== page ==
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The US State Department has approved the potential sale of more than 130 Abrams battle tanks, 20 armoured recovery vehicles and other equipment, worth about $1.15bn, to Saudi Arabia, the Pentagon said on Tuesday.

The approval for land force equipment comes at a time when Saudi Arabia is leading a military coalition in support of Yemeni forces loyal to the exiled government of President Abd Rabbuh Mansour Hadi who are trying to oust Houthi rebels from the capital, Sanaa. The coalition's air strikes have come under criticism from rights groups for the deaths of civilians.

The US Defense Security Cooperation Agency, which oversees foreign arms sales, said that General Dynamics will be the principal contractor for the sale, adding it would contribute to US national security by improving the security of a regional partner.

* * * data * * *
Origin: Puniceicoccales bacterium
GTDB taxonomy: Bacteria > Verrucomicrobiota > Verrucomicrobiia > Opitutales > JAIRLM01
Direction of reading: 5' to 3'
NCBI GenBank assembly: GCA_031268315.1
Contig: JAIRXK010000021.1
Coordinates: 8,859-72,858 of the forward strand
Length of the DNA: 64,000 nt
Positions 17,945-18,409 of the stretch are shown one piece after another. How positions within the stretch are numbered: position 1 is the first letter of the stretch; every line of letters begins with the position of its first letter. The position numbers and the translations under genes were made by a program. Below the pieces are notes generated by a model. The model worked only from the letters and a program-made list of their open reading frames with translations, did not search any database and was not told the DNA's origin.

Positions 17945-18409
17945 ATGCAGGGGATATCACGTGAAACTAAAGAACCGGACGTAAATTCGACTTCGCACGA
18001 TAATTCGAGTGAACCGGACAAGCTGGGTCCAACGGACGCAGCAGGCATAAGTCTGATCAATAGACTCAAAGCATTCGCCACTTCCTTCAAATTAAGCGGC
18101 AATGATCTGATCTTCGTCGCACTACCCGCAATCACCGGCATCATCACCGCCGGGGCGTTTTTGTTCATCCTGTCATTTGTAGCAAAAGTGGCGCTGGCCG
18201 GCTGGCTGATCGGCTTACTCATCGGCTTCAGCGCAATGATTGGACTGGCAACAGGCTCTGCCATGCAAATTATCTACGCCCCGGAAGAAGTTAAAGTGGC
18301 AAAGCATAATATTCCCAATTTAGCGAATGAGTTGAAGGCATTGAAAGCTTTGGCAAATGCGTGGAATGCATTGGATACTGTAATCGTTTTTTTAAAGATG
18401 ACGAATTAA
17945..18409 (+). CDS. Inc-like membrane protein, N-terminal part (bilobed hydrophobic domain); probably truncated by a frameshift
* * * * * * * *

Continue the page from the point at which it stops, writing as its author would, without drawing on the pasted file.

"This sale will increase the Royal Saudi Land Force's (RSLF) interoperability with US forces and conveys US commitment to Saudi Arabia's security and armed forces modernization," the agency said in a notice to lawmakers posted on its website.

Lawmakers have 30 days to block the sale, although such action is rare.

On Tuesday the Saudi-led military coalition conducted air strikes on Sanaa for the first time in five months, residents said, after UN-backed peace talks to end the conflict broke down over the weekend.

Saudi-led coalition air strikes on a food factory in Yemen's rebel-held capital Sanaa killed 14 workers on Tuesday, medics said.

Factory director Abdullah al-Aqel gave a higher toll of 16 killed and 10 wounded, adding that all the victims were workers.

The Al-Aqel factory, which makes potato chips and is near a military equipment maintenance centre targeted in the raids, was struck during working hours, he added.

The strikes are the first by the Saudi-led coalition in three months, following the suspension of UN-brokered peace talks.

 

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